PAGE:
If Maren Morris is comfortable, she's probably doing it wrong. Country music's Grammy-winning breakout artist has relied on songs and messages that are counterintuitive — she's a right lane driver in an industry that expects you to be traveling at 20MPH over the speed limit.

Flashy onstage and humble off, Morris speaks about the business of being the CEO of a company with the same honesty and comfort with which she tweets and talks about how tours with Keith Urban, Sam Hunt and Niall Horan will shape her next album. It's somewhat sexist to say she's outspoken — the 27-year-old has well-rounded points of view that don't always end up where you think they might.

"I think being a woman (in country music) has its ups because there are so few of us, that the few that there are get attention," she begins, "but it’s still a very lopsided chart. I think this week for instance, Kelsea Ballerini and I are the only two women in the Top 20."

The struggles women face at radio is a topic she has taken on in the past, but her opinions are measured and recognize that part of the problem was that the songs women were recording were often about men. Hero (2016) felt like a refreshing splash of cold water with its dynamic palate of song topics and unique pop-country-soul stylings. Has any female artist ever sung about a car before without being cheesy? Raise a hand if "Drunk Girls Don't Cry" was not the song you were expecting when you first came across the title.

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Now prepping her follow-up project, Morris tells Taste of Country she has something else to consider that didn't play a role in the making of Hero: a live audience.

"Everything shapes your album," she says. "Every conversation, every tour. I know after touring with Keith (Urban) and Sam (Hunt) I think playing live things change in your mind as a writer because you’re like ,‘OK this works live, this really works live. This doesn’t as much as I thought it would ... So that stuff really gets into your brain and it’s filed in back.”

Urban's Ripcord World Tour was the first major tour Morris embarked on where the singer personally invited her to open before anyone knew the words to "My Church." "That was very scary," she says. "It was my first big tour and I had to learn how to be onstage and shoot energy into the back of the room, which I had never done before."

A headlining tour of clubs and theaters followed, and then Hunt's 15 in a 30 Tour which included direct support at major festivals. She's not the same artist in December that she was in February. Somewhere along the way she gave herself permission to be bold, and at that point, the live show caught up with the quality of her record. It's rare you'll see the same song setups twice. Scripts are boring, she says.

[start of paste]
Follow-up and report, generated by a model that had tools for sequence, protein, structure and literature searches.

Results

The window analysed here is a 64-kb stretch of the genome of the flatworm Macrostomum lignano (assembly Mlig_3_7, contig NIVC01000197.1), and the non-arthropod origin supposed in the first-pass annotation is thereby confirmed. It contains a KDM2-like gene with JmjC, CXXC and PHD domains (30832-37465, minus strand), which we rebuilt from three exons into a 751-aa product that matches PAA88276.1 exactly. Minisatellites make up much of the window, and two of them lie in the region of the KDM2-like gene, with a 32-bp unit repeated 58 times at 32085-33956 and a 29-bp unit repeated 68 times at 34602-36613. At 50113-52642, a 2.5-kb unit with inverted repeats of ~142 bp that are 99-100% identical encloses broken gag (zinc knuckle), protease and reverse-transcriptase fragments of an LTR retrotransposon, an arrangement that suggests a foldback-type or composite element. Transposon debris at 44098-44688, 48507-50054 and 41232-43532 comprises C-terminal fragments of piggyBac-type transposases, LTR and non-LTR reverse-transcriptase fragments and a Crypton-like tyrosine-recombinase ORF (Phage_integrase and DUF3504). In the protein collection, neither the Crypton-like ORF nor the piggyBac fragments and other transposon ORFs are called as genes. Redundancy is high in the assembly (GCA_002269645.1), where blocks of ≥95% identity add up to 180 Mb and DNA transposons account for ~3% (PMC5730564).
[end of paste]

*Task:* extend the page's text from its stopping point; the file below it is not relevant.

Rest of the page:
“Especially when you just have one album out like I do," Morris says. "You really have to figure out how to change those songs up until some new music comes out. So I’ve learned how to really scare myself, which keeps me engaged.”

Morris' rise is unexpected for a Texan who moved to Nashville with songwriter dreams. She wanted No. 1 singles, but not as the performer. You'll have to climb to the second floor of her Nashville-area home to get a glimpse of accolades and awards. Still, the "I Could Use a Love Song" singer says she wouldn't trade them for anything — not even a No. 1 song.

“I kind of look at those awards as concrete validation that my album has transcended more than a six week period or however long it takes to get a No. 1 song," she says.

When the Hero Tour wrapped last winter Morris announced she'd begin writing and recording her next album — a project that is one of the most anticipated of 2018, even though she hasn't officially confirmed it'll be ready by then. Taking advantage of the tremendous spotlight she'll be under when she begins Horan's Flicker Tour would be smart commercially, but rushing the most important thing would be a tremendous step backward. Along with singer and songwriter, Morris recognizes the responsibility that comes another title: boss.

“I’m about to be able to put my crew on salary and not a day rate. You just see this team grow and you’re the top of it. It doesn’t go without you," she says. "It doesn’t go without these songs."

She's also working to hit a narrow target. Morris recognizes she's at a special age where she's no longer a naive teenager, but not quite ready for babies and domestic life. Exploring that with honesty means blazing a new trail in country music. That's exciting, but perhaps a little scary.

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